AHMEDABAD: Violence works seems to be the message being sent out by the Modi government as it tackles the demand for reservations by influential communities such as the Jats in Haryana and now the Patidars’ in Gujarat. After a day of violence, the state government has invited the Patel community leaders for talks on their demand for reservations in the wake of a call for a state wide shut down.

Mehsana, the home town of Prime Minister Narendra Modi, was at the centre of the stir in this second phase, with curfew being imposed by a panicking state government. Parts of Gujarat resembled Kashmir, with curfew, a police crackdown leaving many injured, suspension of internet mobile services, and a statewide alert.

This time the protest was led by Lalji Patel of the Sardar Patel group, who was badly beaten by the police and hospitalised. Sources in the state said that this has led to widespread disaffection amongst the community, with a key demand also being the release of Hardik Patel who has been in jail since last October on charges of sedition. He has not been able to secure bail.

The government’s promise to meet the reservation demand of the powerful Jat community in Haryana, sources said, brought Lalji Patel under pressure from the Patels to pick up the mantle from Hardik Patel. It might be recalled that the Patels, about 17% of the Gujarat population, have been very close to the BJP and seen traditionally as its vote bank. Lalji Patel himself was a Yuva Morcha president in Mehsana, and Hardik Patel worked with him. The two fell out when the latter insisted on agitating for reservations, while the elder Patel favoured a more mediatory approach.

The second phase of this agitation in Gujarat is crucial as it has brought Lalji Patel to the fore, and the attack on him has united the Patidar groups according to sources on the ground. The stir that paralysed the state government on Sunday was also supported by Hardik Patel’s outfit Patidar Anamat Andolan Samiti, indicating a consolidation of the two main organisations and the community as a whole. Earlier when Hardik Patel had led the protests Lalji Patel had been critical, saying that he had allowed the youth to handle the social internet sites for the Sardar Patel Group but that he had run away with the idea in a manner that was not anticipated.

The Patel community stir has already hit the BJP hard in Mehsana, from where PM Modi and Gujarat CM Anandiben Patel come from. The Congress won almost all the seats in the local elections last November, with the BJP reduced from 20 seats to just a couple. The Congress, however, is keeping a distance from the Patidar agitation for the moment as it is not keen to upset its traditional Thakor community support at this point.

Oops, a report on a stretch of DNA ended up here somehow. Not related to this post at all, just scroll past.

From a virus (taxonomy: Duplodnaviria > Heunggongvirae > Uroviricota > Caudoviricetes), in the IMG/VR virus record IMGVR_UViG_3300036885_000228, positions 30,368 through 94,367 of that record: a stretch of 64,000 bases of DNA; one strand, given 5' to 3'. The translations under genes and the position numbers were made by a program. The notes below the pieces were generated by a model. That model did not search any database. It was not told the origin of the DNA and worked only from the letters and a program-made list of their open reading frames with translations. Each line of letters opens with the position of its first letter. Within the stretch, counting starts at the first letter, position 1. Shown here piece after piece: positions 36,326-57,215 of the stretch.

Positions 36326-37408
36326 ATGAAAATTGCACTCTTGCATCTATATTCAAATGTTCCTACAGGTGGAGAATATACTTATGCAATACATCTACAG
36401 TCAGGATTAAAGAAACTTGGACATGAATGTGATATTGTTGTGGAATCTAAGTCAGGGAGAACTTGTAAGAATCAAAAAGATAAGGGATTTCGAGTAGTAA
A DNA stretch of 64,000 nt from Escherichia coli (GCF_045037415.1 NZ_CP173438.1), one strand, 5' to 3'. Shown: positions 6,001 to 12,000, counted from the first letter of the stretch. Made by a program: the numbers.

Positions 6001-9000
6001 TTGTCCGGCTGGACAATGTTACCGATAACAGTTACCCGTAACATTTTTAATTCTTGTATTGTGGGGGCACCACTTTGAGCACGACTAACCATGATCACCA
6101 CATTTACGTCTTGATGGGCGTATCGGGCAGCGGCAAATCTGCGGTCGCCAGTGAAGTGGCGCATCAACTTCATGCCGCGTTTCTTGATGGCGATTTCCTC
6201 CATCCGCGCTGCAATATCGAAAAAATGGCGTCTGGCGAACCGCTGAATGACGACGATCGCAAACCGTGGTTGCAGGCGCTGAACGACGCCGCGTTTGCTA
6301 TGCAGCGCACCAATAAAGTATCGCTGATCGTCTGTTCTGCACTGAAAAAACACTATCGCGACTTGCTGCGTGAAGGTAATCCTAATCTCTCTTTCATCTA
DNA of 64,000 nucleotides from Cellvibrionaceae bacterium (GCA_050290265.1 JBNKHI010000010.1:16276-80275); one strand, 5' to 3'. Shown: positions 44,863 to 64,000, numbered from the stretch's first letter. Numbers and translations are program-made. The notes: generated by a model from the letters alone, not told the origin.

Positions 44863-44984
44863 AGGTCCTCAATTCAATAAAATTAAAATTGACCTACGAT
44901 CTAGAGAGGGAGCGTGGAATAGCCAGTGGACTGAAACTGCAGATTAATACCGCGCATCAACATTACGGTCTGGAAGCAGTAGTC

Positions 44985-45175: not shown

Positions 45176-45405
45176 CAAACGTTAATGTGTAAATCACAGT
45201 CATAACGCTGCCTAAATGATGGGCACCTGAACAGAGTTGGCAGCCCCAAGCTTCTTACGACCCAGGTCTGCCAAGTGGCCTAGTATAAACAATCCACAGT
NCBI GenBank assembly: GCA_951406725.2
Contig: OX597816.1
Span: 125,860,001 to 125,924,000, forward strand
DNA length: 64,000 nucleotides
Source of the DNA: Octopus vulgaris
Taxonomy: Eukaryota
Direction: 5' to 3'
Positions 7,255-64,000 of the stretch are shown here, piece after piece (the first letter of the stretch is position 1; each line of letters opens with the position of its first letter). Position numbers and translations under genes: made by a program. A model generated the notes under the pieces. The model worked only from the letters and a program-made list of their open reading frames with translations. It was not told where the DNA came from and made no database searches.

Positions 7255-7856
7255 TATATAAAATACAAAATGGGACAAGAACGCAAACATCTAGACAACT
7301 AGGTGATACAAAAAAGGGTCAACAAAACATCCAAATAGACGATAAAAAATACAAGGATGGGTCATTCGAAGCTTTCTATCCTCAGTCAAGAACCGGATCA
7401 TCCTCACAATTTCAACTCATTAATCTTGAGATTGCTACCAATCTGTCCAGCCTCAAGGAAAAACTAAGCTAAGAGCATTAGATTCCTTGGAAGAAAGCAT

Interestingly, the Thakor community held a huge rally in January this year in what was seen as a counter to the Hardik Patel protest and demand for reservations. Sources said that the state government had extended full support to this rally, a point noted and criticised by the Patidars as signs of a discriminatory approach. OBC leader Alpesh Thakor, urged OBC, SC and ST communities to unite ahead of the 2017 Assembly elections and asserted that the next Gujarat Chief Minister would be decided by them. Thakors alone constitute over 22 per cent of Gujarats population, the sources said.The rally was held at the same venue where Hardik Patel had addressed a huge meeting in August last year. It was seen by all as a show of strength with Alpesh Thakor urging the meeting to start preparing for the 2017 elections in the state, and to thereby ensure that the Chief Minister of their choice was elected.

The government seems to be caught between the rock and a hard place. The caste equations in Gujarat have come to the fore with the restive electorate now demanding the realisation of campaign promises, and a slice of the power cake. In a polity where divide and rule remains the slogan, the governments---as in Haryana and Gujarat---are finding it difficult to manage the divide. As a young Patidar student said when asked why the Gujarat government had decided to crack down on its own vote bank, “I don’t know seriously. We cannot understand it. Perhaps it is the arrogance of power.”